January 28, 2009

Hate abounds in "post-racial" America

So much for the idiotic claims that Obama's victory means we can forgive and forget the racism in America's past. It isn't past; it's still a clear and present danger.

Obama Victory Brings "Racist Rats Out of the Woodwork"Barack Obama's election as America's first black president has unleashed a wave of hate crimes across the nation, according to police and monitoring organizations.

Far from heralding a new age of tolerance, Obama's victory in the November 4th election has highlighted the stubborn racism that lingers within some elements of American society as opponents pour their frustration into vandalism, harassment, threats and even physical attacks.

Cross burnings, black figures hung from nooses, and schoolchildren chanting "Assassinate Obama" are just some of the incidents that have been documented by police from California to Maine.

There have been "hundreds" of cases since the election, many more than usual, said Mark Potok, director of the Intelligence Project at the Southern Poverty Law Center, which monitors hate crimes.

The phenomenon appears to be at its most intense in the Southern states, where opposition to Obama is at its highest and where reports of hate crimes were emerging even before the election. Incidents involving adults, college students and even schoolchildren have dampened the early post-election glow of racial progress and harmony, with some African American residents reporting an atmosphere of fear and inter-community tension.
Obama Called a "Visual Aid" for White Supremacist RecruitingNeo-Nazi David Duke says Obama will be a "visual aid" for angry white Americans and will provoke a backlash among relatively mainstream whites that will "result in a dramatic increase in [the] ranks" of extremists. Many other hate group leaders agree.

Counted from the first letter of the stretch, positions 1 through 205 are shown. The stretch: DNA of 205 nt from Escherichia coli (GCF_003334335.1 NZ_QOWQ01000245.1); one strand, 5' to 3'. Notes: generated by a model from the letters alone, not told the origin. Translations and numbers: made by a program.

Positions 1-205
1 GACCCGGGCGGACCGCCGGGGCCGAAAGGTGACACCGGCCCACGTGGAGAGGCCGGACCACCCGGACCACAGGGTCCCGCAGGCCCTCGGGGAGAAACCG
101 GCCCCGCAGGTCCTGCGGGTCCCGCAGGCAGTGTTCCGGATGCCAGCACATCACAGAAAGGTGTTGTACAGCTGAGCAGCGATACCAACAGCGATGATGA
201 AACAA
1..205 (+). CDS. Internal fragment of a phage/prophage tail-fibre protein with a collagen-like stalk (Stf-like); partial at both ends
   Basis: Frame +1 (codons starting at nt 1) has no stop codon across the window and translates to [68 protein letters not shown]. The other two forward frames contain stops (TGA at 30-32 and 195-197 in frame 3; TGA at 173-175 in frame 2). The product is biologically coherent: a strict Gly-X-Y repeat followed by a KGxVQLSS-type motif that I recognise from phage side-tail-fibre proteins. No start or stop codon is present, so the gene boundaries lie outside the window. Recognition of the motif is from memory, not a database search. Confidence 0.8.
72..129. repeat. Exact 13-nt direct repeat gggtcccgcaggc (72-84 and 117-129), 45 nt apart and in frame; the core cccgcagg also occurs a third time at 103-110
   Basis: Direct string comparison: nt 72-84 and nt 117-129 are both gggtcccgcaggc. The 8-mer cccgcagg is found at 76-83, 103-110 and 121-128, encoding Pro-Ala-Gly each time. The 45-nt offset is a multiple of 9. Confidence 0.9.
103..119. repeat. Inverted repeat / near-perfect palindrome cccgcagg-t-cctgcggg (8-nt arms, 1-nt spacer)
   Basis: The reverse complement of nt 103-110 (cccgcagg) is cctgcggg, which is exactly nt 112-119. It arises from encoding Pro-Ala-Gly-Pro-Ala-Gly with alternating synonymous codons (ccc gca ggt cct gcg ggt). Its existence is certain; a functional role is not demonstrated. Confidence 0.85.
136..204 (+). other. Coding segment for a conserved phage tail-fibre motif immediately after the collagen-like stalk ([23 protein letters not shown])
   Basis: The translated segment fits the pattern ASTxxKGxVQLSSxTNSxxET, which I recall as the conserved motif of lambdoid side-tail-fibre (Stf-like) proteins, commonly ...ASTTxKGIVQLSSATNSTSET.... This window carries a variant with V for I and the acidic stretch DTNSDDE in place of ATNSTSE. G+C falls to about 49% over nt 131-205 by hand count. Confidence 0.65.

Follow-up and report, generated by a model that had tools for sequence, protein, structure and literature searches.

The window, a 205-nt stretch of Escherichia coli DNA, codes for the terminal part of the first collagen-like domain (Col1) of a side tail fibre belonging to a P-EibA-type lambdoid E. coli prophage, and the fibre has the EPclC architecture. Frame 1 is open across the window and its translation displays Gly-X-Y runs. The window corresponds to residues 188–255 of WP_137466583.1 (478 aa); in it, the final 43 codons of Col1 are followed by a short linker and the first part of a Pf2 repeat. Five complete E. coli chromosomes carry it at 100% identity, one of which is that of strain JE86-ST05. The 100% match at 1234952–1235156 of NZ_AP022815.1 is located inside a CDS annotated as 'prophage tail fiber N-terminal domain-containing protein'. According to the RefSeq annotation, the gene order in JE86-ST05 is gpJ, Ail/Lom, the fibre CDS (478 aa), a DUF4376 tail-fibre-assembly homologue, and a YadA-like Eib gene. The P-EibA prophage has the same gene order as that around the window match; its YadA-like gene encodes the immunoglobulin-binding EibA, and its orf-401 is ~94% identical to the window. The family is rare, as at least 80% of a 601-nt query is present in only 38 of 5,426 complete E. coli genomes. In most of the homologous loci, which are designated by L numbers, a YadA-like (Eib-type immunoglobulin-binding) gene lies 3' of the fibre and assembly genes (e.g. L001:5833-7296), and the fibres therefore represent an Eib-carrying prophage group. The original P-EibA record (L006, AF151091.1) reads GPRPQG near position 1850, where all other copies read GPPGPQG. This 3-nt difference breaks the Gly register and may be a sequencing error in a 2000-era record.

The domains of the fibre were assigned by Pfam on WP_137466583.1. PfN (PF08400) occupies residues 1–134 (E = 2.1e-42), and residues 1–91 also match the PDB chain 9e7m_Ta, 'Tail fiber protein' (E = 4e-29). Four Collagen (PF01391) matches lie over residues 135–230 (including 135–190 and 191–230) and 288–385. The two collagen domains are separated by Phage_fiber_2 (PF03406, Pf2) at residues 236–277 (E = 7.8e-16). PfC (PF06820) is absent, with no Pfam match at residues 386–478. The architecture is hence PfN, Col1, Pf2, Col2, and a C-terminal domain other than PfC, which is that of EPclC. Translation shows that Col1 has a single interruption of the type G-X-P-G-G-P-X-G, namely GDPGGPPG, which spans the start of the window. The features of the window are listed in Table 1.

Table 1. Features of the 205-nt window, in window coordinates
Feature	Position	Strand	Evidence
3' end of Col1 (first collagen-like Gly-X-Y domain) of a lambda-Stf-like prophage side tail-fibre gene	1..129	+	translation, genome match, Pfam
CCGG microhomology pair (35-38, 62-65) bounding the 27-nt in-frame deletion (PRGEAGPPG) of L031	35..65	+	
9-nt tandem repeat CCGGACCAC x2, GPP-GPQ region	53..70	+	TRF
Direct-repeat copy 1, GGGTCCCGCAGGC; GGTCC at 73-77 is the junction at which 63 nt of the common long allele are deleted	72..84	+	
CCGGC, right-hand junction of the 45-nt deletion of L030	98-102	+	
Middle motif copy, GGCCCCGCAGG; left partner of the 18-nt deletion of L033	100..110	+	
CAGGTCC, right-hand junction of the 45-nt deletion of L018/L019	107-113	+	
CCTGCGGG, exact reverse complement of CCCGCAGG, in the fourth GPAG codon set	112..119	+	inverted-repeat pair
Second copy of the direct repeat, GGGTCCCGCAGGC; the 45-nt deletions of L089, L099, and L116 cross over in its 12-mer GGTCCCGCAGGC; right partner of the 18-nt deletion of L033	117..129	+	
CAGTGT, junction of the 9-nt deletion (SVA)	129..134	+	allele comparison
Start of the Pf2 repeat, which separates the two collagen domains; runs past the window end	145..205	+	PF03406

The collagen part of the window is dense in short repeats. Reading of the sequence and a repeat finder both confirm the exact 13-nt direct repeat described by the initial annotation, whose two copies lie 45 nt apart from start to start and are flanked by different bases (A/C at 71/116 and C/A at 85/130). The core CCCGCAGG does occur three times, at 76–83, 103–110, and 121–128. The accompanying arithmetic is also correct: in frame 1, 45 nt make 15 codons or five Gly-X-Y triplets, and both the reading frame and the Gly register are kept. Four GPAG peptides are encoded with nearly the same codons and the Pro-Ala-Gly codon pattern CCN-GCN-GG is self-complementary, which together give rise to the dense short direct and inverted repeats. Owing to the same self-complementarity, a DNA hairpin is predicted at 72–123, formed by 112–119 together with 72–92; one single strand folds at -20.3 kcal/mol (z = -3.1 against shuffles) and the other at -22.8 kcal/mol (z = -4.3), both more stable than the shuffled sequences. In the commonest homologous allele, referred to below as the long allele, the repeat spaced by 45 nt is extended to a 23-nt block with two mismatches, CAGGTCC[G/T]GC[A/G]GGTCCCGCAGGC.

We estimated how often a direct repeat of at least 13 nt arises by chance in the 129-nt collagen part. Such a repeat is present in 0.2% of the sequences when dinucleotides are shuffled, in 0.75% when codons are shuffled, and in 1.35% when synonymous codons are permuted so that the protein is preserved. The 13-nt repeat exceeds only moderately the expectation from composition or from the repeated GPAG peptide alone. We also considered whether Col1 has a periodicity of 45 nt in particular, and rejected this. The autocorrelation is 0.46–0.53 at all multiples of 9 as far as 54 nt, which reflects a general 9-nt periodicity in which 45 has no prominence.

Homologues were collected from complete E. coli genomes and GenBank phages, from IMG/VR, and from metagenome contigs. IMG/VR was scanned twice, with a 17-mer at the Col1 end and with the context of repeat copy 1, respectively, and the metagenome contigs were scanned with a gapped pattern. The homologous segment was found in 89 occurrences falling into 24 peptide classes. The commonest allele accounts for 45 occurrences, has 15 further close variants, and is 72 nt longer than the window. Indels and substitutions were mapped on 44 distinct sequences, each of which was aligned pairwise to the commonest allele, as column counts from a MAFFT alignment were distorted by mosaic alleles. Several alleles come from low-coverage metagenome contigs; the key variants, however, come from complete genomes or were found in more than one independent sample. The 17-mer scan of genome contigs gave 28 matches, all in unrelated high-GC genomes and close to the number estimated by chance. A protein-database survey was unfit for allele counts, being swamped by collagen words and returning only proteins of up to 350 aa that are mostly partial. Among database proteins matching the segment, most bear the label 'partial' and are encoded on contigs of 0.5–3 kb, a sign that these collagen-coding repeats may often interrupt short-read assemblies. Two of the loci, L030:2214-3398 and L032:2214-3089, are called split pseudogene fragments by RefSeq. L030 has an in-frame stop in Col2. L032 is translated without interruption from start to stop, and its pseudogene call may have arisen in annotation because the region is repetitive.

That backlash was evident in the aftermath of the election as scores of racially charged incidents--beatings, effigy burnings, racist graffiti, threats and intimidation--were reported across the country.

"There's a real fury out there in certain quarters," said Mark Potok, director of the SPLC's Intelligence Project.

White supremacist groups boasted of a post-election surge of new members as well as overwhelming traffic to their websites. At least two hate groups--Stormfront and the Council of Conservative Citizens--said their websites crashed because of heavy traffic. Stormfront also claimed to have gained thousands of new members immediately after Obama was elected on Nov. 4. The League of the South, a neo-secessionist group, said it saw a surge in phone calls from potential members and that its web traffic increased sixfold.
Comment:  My brother Rick was one of many Americans who asked if we could stop all the talk of racism now that a black man is president. Here's your answer, Rick: No.

When racism is no longer a major issue in America, I'll be the first to let you know. Trust your older and wiser big brother. <g>

For more on the subject, see Racism Lives in ObamAmerica and The Post-Racial, Post-Indian Era?


Anonymous said...

Racism will always exist in pretty much any country; the reason being that losers - of any skin color or ethnicity - need a reason to feel superior. The point is however that racism has dropped drastically and that the incidents you mentioned represent the racist fringe minority of this country.

Rob said...

Racism probably dropped significantly from, say, 1950 to 1980. Has it dropped significantly from 1980 to the present? I don't know about that.

Racism is hardly confined to the fringe, either. There have been many instances of mainstream bigotry--e.g., Michael Richards, Don Imus, Mel Gibson, Isaiah Washington, George Allen--in the last few years. In the Native field, we continue to see claims that Indians were uncivilized savages who have become greedy casino owners.